KS: I think that we're at a really interesting and transitory stage in the development of the musical with shows like Avenue Q, Urinetown, Hairspray, Wicked, and maybe The Full Monty. There's something about their aesthetic, often written by younger writers and targeted to younger audiences, that really seems to be connecting. Perhaps revivals haven't been working as well because there has been an audience shift. Our goal is to create a broader opportunity base for new writers and thereby help renew the base of musical theater. What happens to writers now is that they spend two years writing a show and ten years trying to get it on. Writers need to keep writing and working and seeing their work on stage, otherwise it's a pretty pointless exercise.

IRH: Exactly. If it takes you five years of your life to go from step one to step two of the development process, that's five years of your life when you're at least 30% not able to devote time to the next project. I think that makes it much harder to create and develop new work. The first show is not necessarily the best show.

WH: What do you think about the current trend of megahits such as Wicked, Hairspray, and The Producers where unlike the 40s and 50s where you had many good shows running at once, today only a few shows move to the front of the pack?

GC: I think we're reverting to the 40s and 50s. We had this unnatural period where shows ran for decades, and shows never ran that way before. Now I think it's coming back around.

WH: But shows have to run longer now to recoup their investment . . .

GC: They do, but a show like Caroline or Change won just one Tony Award in a minor category and it was able to run all summer.

WH: What do you think about the trend of musicals becoming too ironic, satiric, or parodic?

KS: I think the self-referential musical theater thing is sort of self-destructive. And Urinetown, though I loved it, appealed to smaller and smaller audiences because they either got the "in" jokes or they didn't.

IRH: I think the state of musical theater is only as healthy as its diversity. There has to be a place for that self-awareness and satiric commentary.

WH: Are there certain audiences that musical theater writers seem to be writing for or should be writing for?

KS: It's funny, I was at a conference and a producer said that you have to make sure that the show has appeal to seventy-year-old Jewish ladies who will spend $100 on a ticket. I thought that's the most self-destructive circular thinking. Theater has to be more inclusive.

WH: True, although it seems that one reason that the nature of musical theater has changed is that, if you can only afford a single $100 ticket once a year, then you want to see something that's really going to knock your socks off. Only a few people really go and see everything that gets produced on the boards.

KS: Yes, that's true. Though I love the commercial Broadway musical, if that's the only perception of what the musical can be, then you're destined for an awful lot of heartbreak.

IRH: Everyone is trying to find new models to present more material in an affordable way.

KS: I would love for there to be, ten years from now, a few places in midtown where you could get a $35 or $40 ticket and see something good.

WH: Where are some of the other spaces that shows are coming from today? Is Broadway still the main center for the creation of the musical?

KS: Shows are coming from all over including Encores!, the West End, Off-Broadway, downtown theaters, and regional theaters. Shows aren't coming out of Broadway nowadays, but are created elsewhere.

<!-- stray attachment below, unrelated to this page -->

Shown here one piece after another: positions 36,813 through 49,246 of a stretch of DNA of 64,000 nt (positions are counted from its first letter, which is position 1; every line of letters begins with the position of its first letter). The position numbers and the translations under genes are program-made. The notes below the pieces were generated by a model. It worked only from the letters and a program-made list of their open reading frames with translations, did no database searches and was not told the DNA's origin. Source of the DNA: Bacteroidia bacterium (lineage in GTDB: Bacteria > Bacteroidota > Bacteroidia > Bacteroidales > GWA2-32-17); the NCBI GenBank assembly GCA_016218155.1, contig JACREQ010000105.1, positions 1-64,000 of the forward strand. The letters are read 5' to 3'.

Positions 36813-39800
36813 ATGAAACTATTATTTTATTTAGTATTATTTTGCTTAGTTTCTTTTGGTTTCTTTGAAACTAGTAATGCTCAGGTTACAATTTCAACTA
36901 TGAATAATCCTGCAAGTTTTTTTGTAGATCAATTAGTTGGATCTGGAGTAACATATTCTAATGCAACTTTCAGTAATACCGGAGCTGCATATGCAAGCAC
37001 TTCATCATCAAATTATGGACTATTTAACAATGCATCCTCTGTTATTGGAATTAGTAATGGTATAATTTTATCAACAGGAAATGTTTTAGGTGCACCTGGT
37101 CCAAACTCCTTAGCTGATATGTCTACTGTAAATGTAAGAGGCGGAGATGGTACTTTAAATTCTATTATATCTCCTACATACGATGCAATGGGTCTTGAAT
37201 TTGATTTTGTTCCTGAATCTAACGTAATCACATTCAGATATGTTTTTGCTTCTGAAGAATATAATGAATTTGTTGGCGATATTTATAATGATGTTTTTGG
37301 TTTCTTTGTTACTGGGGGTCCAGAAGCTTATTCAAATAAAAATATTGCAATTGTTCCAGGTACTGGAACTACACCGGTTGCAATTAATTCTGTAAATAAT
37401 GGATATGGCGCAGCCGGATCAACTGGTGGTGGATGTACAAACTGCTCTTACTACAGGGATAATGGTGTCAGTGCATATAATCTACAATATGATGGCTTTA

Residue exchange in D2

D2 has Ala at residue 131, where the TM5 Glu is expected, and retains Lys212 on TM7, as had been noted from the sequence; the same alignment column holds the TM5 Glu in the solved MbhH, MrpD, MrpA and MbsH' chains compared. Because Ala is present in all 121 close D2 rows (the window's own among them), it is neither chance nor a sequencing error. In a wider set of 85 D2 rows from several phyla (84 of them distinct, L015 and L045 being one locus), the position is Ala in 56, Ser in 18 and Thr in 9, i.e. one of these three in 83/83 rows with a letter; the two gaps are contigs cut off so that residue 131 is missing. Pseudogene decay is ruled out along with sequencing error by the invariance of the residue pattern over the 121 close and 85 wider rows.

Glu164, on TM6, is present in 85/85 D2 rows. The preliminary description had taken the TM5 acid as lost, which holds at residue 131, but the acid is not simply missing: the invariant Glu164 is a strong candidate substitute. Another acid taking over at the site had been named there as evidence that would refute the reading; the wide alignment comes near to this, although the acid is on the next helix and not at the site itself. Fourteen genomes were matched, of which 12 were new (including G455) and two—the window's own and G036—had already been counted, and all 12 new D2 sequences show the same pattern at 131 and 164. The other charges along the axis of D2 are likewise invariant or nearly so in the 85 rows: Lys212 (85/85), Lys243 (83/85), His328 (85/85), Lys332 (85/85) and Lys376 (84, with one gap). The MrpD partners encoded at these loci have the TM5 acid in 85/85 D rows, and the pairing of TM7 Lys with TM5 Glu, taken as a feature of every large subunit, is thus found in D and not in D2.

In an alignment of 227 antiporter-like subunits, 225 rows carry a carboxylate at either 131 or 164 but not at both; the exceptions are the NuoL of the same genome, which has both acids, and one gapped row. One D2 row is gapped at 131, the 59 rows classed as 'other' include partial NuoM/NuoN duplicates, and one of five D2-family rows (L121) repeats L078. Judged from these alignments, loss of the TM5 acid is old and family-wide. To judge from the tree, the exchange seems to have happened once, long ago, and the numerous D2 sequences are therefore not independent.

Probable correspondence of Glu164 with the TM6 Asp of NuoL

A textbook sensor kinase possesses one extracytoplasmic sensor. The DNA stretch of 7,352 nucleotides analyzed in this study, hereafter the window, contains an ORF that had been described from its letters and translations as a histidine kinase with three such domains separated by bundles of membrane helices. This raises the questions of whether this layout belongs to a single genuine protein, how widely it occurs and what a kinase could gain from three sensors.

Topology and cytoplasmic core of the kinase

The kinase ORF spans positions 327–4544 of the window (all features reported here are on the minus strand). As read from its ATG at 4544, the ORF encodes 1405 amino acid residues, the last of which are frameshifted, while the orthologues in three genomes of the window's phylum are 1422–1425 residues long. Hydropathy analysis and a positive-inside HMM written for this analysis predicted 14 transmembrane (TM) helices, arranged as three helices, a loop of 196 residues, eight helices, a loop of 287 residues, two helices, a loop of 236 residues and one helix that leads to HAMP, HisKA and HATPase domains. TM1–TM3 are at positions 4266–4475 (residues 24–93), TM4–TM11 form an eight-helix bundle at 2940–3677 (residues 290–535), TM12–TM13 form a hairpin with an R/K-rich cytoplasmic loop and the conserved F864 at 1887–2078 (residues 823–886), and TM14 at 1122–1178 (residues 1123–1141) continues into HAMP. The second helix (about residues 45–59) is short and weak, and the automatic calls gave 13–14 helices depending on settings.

WH: Though this festival does feature work by established writers such as Kander and Ebb and Stephen Schwartz, who are some of the new people writing now that you admire?

GC: I'm really interested to see the new David Yazbek piece Dirty Rotten Scoundrels. I really enjoyed The Full Monty. Yazbek's a great talent to welcome into musical theater.

KS: D.J. Javerbaum who's the head writer of The Daily Show and came out of Tisch wrote a musical called Suburb a few years ago. Pete Mills whose work will be in the NYMF Festival is smart, smart, smart!

IRH: Nathan Tysen and Chris Miller who just won the Jonathan Larson Award are good. The thing that struck me about all these submissions is how many people I was not familiar with, but are writing really interesting pieces.

WH: How many submissions did you get?

KS: We got 220 for the Next Link Part of the festival. We got many other submissions for the rest of the festival.

GC: We got entries from all over from Maine and Alaska to Russia, Australia, and Canada.

WH: As a final question, people who work in musical theater are often passionate about the art form. What is it that gets you excited about musicals?

GC: It's the emotion. You can be swept up into a show in so many different ways, whether it's the beauty of the music, the eloquence of the writing, or the gracefulness of the dance. There are so many different elements that make it so challenging to create and produce, but also make it such a rich experience.

IRH: I think it's the intensity of the collaborative process. You're interfacing with many people and everyone is weaving his or her various crafts together. Good musical theater reveals the seamlessness of the craft. There is a whole that is greater than the sum of its parts.

KS: I would agree with that. With musical theater, there is a place within it for every other art form, but not to the exclusion of any other art form. Ultimately, its depends on if the story works or if it doesn't. Paradoxically, it's an art form that is both extremely complex, but also very very simple.


For more information about the New York Musical Theatre Festival (NYMF), including a schedule of events and ticket information, visit